B) If the initial response is unsatisfactory to the grievant, the grievance shall be submitted to the department head within ten (10) workdays of the date of response or expected response. The department head will submit a written response to the grievance within ten (10) workdays of its submittal.

C) If the Union does not find the department head's response to be satisfactory, it shall within twenty (20) workdays of said response request that the Wisconsin Employment Relations Commission (WERC) appoint a member of its staff as an arbitrator of the dispute. The parties shall share the expense of the arbitrator so appointed and of the statutory filing fee. The decision of the arbitrator shall be final and binding on both parties.

. . .

ARTICLE XX

HOURS OF WORK

20.01 Hours of Work. The normal hours of work are eight (8) hours per day and forty (40) hours per week, one hundred seventy-three (173) hours per month. The normal hours of work are 8:00 a.m. to 5:00 p.m. with one (1) hour off, without pay, for lunch. Employees in the unit may request one-half (1/2) hour lunch hours with appropriate adjustment to the beginning or ending hours of work. The decision to grant (or rescind) such request shall be at the sole option of the Director of Human Services, or his/her designee, which shall not be unreasonably withheld. It may be necessary for certain employees to have a regular schedule outside of the previously-mentioned hours. A flexible schedule of hours other than that set forth above shall be mutually agreed to by the Employer and the Union on the condition that it is regular and is not used to avoid payment of overtime. The parties agree that the Employer shall have the right to establish at least one night time clinic for the benefit of the public, and employees may be directed to work at such clinic in lieu of working during the normal hours of work. Pay for such work shall be at the regular rate. Hours that are given herein do not represent either minimum or maximum, but rather the normal hours of work.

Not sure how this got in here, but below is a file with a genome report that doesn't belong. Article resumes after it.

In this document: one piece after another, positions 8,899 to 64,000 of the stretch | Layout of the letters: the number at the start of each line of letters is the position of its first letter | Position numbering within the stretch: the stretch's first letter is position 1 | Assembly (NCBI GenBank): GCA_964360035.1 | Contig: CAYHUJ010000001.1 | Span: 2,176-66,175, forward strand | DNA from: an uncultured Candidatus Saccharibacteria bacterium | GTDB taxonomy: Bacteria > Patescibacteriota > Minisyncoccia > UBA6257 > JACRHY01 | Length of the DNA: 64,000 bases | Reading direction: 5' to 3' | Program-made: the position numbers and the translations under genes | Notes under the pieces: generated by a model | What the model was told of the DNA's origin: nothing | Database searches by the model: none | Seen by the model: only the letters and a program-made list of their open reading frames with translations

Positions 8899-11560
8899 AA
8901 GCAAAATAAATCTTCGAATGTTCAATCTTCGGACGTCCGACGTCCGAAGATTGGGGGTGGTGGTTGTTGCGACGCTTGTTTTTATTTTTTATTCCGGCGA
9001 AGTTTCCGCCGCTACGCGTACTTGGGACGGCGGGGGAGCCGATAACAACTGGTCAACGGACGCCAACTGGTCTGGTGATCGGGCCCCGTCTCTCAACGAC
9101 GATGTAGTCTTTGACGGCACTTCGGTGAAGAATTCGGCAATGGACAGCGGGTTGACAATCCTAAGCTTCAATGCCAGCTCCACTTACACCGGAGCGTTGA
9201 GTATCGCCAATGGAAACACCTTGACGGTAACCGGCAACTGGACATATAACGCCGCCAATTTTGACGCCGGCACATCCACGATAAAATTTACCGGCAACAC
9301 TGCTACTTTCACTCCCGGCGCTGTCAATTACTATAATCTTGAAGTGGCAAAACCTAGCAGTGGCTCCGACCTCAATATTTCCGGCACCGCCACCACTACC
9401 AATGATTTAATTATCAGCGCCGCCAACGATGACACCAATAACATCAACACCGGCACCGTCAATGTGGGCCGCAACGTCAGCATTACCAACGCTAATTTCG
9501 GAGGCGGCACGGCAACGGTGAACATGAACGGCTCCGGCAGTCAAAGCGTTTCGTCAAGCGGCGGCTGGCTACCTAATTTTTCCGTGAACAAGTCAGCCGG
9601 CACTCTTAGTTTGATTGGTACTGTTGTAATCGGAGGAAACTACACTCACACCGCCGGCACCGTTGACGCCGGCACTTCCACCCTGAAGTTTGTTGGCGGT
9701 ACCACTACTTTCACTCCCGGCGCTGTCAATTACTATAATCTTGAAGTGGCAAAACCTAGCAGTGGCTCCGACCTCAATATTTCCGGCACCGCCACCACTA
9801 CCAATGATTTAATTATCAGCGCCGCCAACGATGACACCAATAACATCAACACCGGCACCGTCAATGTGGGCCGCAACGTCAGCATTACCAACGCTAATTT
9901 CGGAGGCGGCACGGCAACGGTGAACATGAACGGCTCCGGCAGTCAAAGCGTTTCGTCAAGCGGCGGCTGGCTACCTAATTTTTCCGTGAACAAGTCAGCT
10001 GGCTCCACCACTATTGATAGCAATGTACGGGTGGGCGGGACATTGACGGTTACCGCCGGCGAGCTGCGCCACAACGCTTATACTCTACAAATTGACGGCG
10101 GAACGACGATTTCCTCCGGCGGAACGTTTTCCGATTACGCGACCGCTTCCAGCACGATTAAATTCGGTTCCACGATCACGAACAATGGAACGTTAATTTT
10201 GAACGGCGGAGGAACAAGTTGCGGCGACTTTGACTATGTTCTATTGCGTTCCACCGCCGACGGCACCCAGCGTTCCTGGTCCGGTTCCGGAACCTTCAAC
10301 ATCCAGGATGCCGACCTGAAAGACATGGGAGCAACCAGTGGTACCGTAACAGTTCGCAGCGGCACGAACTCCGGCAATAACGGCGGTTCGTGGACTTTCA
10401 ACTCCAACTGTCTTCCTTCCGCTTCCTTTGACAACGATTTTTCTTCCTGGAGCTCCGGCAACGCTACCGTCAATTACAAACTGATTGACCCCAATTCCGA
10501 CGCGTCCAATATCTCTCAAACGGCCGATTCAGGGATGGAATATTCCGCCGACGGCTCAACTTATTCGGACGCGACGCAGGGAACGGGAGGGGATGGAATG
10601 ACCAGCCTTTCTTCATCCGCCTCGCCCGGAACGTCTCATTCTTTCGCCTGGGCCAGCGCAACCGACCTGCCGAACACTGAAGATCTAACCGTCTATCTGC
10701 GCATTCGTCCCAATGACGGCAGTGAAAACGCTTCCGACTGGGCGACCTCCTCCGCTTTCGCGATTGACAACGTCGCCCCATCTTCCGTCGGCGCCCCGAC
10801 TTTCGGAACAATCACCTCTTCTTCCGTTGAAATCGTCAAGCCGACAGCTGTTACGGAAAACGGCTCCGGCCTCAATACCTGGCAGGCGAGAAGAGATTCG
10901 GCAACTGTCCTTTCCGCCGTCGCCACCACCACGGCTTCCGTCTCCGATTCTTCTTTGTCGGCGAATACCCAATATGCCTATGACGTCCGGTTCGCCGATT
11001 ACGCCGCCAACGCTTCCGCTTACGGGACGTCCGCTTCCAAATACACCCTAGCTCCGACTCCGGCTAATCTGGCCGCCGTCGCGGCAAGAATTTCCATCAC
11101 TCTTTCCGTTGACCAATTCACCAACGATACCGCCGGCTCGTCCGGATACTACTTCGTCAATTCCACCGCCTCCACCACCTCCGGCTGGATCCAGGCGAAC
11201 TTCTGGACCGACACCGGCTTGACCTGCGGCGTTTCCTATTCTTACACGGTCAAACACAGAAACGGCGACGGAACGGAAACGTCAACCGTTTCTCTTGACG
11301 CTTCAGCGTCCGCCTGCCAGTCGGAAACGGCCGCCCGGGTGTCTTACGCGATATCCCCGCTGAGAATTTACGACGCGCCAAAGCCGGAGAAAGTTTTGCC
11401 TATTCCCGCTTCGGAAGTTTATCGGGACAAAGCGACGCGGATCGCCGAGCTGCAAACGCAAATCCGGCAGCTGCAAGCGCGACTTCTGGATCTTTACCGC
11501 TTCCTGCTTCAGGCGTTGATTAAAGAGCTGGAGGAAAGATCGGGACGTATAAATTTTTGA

20.02 Overtime. All hours worked outside of the regular hours of work and/or that are after forty (40) hours per week are paid at the rate of one and one-half (1 1/2) times their normal rate of pay. In lieu of overtime pay, employees may receive compensatory time off at a rate of one and one-half (1 1/2) hours for each hour of overtime worked up to a maximum accumulation of forty (40) hours of compensatory time; all overtime hours worked beyond forty (40) hours of compensatory time shall be paid.

. . .